When I was in prison, I was wrapped up in all those deep books. That Tolstoy crap - people shouldn't read that stuff.
Forgiveness, that noblest of all self-denial, is a virtue which he alone who can practise in himself can willingly believe in another.
Whatever you think of de Sade, he was a complex figure and we should not look for easy answers with him. He was, strangely perhaps, against the death penalty, and he was never put in prison for murders or anything like that.
The best situation of all, and one frequently utilized, is for jails and prisons to allow volunteer ministers of all faiths to enter prisons and offer their services to the inmates who want them. That way, the religious needs of inmates are met but without government funds being spent.
No matter how you seem to fatten on a crime, that can never be good for the bee which is bad for the hive.
There are dreadful punishments enacted against thieves; but it were much better to make such good provisions, by which every man might be put in a method how to live, and so to be preserved from the fatal necessity of stealing and dying for it.
The English laws punish vice; the Chinese laws do more, they reward virtue.
Civilization is maintained by a very few people in a small number of places and we need only some bombs and a few prisons to blot it out altogether.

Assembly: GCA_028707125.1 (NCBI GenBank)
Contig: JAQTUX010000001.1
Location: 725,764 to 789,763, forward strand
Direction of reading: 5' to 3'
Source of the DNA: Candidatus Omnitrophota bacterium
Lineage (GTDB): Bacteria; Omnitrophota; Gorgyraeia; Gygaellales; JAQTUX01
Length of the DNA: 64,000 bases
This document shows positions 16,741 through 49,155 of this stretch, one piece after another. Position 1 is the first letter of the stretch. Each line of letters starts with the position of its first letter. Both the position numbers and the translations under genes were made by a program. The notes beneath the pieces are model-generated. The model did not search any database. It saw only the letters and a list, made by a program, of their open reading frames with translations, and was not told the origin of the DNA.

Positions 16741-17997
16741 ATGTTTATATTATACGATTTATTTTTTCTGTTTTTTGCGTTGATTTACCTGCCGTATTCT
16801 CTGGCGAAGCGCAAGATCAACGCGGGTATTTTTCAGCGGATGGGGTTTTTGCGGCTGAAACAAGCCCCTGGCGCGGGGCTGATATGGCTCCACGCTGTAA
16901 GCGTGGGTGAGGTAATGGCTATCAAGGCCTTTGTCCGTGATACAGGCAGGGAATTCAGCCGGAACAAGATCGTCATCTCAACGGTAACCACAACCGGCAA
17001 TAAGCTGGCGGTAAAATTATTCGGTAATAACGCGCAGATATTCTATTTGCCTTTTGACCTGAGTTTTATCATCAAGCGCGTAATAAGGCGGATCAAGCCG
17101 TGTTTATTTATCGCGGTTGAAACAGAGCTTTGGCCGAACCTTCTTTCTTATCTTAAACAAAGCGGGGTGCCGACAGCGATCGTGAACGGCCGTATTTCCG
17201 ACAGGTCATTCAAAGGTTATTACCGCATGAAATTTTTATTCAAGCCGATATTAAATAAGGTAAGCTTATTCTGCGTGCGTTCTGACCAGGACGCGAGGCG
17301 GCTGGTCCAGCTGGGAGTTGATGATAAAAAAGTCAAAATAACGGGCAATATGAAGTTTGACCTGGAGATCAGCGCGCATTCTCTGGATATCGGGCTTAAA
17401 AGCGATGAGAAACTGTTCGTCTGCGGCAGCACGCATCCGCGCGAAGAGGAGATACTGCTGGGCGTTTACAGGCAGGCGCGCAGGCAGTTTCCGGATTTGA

The number of laws is constantly growing in all countries and, owing to this, what is called crime is very often not a crime at all, for it contains no element of violence or harm.
Everyone is a prisoner of his own experiences. No one can eliminate prejudices - just recognize them.
Every instance of a man's suffering the penalty of the law is an instance of the failure of that penalty in effecting its purpose, which is to deter.
Fear can be like a prison. It is, however, a self made prison. Many are imprisoned by fear. No one else can liberate them from this prison. Others may inspire them but they must liberate themselves.
Definition, rationality, and structure are ways of seeing, but they become prisons when they blank out other ways of seeing.
We don't seem to be able to check crime, so why not legalize it and then tax it out of business.
I was put into jail as I was going to the shoemaker's to get a shoe which was mended. When I was let out the next morning, I proceeded to finish my errand, and, having put on my mended shoe, joined a huckleberry party, who were impatient to put themselves under my conduct; and in half an hour -- for the horse was soon tackled -- was in the midst of a huckleberry field, on one of our highest hills, two miles off, and then the State was nowhere to be seen.
Women now have choices. They can be married, not married, have a job, not have a job, be married with children, unmarried with children. Men have the same choice we've always had: work, or prison.
Prison makes you a better judge of character. You pick up on people much faster.
There is no peace because the making of peace is at least as costly as the making of war - at least as exigent, at least as disruptive, at least as liable to bring disgrace and prison and death in its wake.
No written law has been more binding than unwritten custom supported by popular opinion.
The idea that the sole aim of punishment is to prevent crime is obviously grounded upon the theory that crime can be prevented, which is almost as dubious as the notion that poverty can be prevented.
The difference between tax avoidance and tax evasion is the thickness of a prison walls.